The Funeral: ‘Oral Tradition’ And Its World
Chapter 12 of Beyond the Quest for the Historical Jesus by Thomas Brodie addresses the problems Brodie came to see with oral tradition as an explanation for Gospel sources.
I have covered Brodie’s arguments on oral tradition in depth here (see Two Core Problems with the four links there), and have yet to do more posts on the detailed work of Barry Henaut. So this post will survey primarily what led Brodie to raise the questions he did.
I recently posted on Robert Alter’s description of literary artistry in Genesis. It was Robert Alter, in the same book, The Art of Biblical Narrative, whom Brodie credits with “waking him up”. Alter was reading an attempt by Robert Culley to demonstrate that the variations in the Hebrew Biblical narratives might be understood through the variants that appear in oral storytelling among peoples of West Indies and Africa. On the contrary, however, Alter noticed that Culley’s presentation of the Hebrew narrative variants were not at all random as the oral tradition thesis would predict. No, when in Genesis we read what seems to be the same narrative being told several times about different people, or even about the same person in different circumstances. What we are reading are predictable type-scenes, not unlike some of the repetitions we read in Homer that adhere to fixed patterns (though in Homer the conventions applied more to rituals of daily existence while in the Bible they are applied to crucial junctures in the lives of the heroes.)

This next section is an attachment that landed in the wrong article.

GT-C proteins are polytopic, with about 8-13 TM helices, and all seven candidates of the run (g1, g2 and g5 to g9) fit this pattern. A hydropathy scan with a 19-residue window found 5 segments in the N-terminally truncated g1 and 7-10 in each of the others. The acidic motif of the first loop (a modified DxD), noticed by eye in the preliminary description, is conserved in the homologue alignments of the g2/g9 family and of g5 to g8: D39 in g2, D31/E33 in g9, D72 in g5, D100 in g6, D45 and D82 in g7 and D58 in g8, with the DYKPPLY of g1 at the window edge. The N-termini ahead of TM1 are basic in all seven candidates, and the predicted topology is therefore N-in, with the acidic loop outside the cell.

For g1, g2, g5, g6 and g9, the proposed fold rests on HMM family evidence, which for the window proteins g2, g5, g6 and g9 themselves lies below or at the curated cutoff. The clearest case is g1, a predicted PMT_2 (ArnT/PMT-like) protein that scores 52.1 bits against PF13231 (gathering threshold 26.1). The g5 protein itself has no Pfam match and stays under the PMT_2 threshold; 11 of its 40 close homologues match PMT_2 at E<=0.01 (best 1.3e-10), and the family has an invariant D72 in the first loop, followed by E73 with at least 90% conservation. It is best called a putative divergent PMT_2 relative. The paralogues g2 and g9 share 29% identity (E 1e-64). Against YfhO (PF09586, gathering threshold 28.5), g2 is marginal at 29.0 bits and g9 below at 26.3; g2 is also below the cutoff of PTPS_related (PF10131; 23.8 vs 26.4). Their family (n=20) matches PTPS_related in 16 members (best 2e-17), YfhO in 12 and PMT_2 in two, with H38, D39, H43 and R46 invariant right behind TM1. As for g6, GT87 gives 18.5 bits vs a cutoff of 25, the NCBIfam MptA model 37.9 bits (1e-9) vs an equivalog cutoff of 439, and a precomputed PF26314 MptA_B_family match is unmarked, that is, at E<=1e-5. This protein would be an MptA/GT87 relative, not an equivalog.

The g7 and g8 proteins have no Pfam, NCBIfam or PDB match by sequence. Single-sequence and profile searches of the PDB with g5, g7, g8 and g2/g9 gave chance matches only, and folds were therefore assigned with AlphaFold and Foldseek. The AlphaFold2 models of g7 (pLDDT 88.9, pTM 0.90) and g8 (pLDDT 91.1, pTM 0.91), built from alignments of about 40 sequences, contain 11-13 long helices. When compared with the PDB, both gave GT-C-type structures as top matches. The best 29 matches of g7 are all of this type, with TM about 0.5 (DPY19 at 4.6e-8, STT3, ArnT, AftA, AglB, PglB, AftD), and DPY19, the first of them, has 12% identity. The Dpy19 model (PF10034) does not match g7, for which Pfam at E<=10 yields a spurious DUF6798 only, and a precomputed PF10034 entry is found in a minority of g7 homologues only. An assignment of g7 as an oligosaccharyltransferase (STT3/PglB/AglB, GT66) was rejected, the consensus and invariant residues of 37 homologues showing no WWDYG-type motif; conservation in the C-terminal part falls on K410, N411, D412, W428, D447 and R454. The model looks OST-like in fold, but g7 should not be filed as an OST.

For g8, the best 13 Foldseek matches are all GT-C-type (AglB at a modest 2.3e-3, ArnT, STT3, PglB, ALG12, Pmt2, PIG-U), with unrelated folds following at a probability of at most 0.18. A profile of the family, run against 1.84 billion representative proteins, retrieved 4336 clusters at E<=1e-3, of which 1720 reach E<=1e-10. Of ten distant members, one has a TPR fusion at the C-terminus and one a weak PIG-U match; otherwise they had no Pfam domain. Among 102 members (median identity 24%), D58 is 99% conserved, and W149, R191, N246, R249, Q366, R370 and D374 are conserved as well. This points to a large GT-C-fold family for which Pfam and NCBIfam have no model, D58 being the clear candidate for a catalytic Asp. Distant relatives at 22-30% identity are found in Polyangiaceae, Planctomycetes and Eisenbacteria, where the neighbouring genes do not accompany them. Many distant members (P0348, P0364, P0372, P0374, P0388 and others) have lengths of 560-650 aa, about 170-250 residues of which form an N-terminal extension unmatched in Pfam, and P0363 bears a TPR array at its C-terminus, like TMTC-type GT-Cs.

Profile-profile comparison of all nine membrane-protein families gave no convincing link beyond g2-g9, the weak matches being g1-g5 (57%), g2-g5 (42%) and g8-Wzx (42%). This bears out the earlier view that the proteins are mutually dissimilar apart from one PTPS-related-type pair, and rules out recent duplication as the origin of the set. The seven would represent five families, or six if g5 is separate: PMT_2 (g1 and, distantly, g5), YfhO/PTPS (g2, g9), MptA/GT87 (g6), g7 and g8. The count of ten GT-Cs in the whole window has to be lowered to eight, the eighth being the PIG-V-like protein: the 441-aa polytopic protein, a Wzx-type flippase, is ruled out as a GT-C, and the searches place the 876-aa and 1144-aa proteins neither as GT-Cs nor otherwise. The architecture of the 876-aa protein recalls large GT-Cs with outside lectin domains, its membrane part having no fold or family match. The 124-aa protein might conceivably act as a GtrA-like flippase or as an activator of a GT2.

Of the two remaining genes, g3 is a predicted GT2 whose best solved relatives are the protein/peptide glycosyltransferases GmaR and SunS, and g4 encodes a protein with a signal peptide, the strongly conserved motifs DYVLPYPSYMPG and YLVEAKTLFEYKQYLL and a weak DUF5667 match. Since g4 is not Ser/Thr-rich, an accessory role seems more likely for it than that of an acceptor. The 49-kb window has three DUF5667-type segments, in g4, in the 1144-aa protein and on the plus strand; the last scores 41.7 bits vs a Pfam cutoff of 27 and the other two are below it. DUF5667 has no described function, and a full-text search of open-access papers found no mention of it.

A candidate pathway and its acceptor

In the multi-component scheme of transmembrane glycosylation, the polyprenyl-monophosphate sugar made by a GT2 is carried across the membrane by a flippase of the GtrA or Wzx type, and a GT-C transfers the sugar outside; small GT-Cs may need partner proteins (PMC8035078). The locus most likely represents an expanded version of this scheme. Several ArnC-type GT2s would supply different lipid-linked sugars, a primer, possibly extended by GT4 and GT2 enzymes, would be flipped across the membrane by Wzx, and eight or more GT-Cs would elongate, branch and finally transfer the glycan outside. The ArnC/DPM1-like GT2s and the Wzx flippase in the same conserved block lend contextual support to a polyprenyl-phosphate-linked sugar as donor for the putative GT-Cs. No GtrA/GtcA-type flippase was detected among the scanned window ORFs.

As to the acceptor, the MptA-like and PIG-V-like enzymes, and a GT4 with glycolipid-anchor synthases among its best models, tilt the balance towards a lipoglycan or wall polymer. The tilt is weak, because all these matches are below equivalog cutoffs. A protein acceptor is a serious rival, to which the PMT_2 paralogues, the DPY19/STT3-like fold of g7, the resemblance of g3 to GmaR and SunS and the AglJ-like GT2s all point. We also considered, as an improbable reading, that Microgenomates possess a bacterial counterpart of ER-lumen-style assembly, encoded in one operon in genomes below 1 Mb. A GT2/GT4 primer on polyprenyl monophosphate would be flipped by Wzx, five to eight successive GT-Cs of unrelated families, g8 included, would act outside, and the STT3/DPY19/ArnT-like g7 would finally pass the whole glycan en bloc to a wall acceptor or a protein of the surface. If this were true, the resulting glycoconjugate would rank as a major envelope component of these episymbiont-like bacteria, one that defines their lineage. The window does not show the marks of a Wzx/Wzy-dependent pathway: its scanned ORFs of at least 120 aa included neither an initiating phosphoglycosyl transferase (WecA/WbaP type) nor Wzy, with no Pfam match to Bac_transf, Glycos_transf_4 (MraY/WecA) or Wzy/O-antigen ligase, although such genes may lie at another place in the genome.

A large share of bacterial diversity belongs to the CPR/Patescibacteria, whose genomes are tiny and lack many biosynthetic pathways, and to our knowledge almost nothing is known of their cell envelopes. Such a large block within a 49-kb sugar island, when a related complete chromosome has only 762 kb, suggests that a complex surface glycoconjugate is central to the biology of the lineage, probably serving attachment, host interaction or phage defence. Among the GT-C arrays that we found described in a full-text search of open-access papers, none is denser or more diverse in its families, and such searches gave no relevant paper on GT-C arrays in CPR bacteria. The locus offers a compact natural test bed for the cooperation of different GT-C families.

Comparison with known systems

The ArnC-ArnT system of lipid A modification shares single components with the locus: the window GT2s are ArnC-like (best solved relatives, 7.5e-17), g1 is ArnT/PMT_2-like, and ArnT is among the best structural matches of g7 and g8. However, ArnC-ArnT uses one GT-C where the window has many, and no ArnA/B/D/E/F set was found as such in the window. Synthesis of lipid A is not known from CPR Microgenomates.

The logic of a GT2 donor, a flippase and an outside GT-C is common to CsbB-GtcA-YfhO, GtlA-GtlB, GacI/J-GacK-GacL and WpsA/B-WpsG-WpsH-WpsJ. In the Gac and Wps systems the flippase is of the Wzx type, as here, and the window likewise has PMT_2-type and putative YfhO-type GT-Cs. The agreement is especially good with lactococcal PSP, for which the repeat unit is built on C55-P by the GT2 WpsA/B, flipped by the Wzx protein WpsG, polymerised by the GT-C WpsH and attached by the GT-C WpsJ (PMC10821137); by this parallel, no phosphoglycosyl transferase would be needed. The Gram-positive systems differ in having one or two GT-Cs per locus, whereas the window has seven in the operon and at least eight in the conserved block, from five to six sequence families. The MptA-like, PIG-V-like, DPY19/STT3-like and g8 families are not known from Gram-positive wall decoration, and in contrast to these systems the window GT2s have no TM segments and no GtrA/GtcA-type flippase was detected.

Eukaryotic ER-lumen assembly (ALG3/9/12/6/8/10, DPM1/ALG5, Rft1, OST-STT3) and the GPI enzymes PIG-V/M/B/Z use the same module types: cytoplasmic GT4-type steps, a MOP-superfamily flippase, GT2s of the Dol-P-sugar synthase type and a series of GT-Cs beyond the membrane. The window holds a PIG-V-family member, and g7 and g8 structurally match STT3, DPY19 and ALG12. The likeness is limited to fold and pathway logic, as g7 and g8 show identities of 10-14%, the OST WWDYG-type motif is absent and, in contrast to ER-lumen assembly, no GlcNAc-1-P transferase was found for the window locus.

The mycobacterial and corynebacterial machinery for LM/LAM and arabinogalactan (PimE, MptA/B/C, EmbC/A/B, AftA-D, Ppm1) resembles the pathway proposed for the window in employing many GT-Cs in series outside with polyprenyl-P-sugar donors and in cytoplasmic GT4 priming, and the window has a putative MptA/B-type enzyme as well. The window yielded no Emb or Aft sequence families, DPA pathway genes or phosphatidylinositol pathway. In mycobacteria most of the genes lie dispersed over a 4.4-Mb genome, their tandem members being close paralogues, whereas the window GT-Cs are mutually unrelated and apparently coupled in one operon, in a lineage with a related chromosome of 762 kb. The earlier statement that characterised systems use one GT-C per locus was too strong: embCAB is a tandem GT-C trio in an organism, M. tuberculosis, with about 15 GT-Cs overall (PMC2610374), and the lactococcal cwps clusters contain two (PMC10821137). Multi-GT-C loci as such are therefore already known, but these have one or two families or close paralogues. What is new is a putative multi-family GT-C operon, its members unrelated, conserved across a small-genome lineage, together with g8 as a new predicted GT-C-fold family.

I grinned when I read that Brodie even went out of his way to meet personally Walter Ong, a scholar who published much on orality, because in my own early days of wanting to understand what lay behind the New Testament I myself traveled especially to dig out and copy many articles on orality by Ong.
What Brodie learned was that
even writing, for most of its history, resonated with orality. All ancient writing, until the eighteenth century, reflected orality or oral rhythms; it was aural, geared to the ear, to being heard — unlike modern writing, geared primarily to the eye. Virgil’s epic was highly crafted and a distillation of earlier literature, but it was saturated with orality; it was geared to oral communication , to being heard, and in fact it was being read aloud in Augustus’s imperial court before it was complete. But such orality was still not oral tradition, not oral transmission, it was simply a quality of ancient writing. (pp. 115-116)
“Studying non-literate tribes did not help”
How does one deduce from a piece of writing that it is based on oral transmission? Studies have been made into variations of oral transmission among non-literate tribes and into the variations that have arisen through rabbinic methods of memorization. The fact is (as Fitzmyer published in relation to the rabbinic variants) that these variations are not the sorts of variants we find in the Gospels. They do not account for the Gospel data.
“Gunkel’s influence has been massive”
Brodie again covers the decisive influence of Hermann Gunkel that still holds sway over the oral tradition paradigm used by biblical scholars. See earlier posts, Oral Tradition Behind Gospels and OT: Unfounded, Unworkable and Unnecessary and The Making of a Mythicist, Act 1, Scene 1 (Thomas Brodie’s Odyssey) for the details of Gunkel’s contribution and his impact today.
To this day, few researchers attempt to spell out the logic underlying the claim to oral tradition.
With admirable honesty James Dunn states that oral tradition is a presumption, and he justifies the presumption by saying it is inescapable (2007: 157). With due respect, it is not.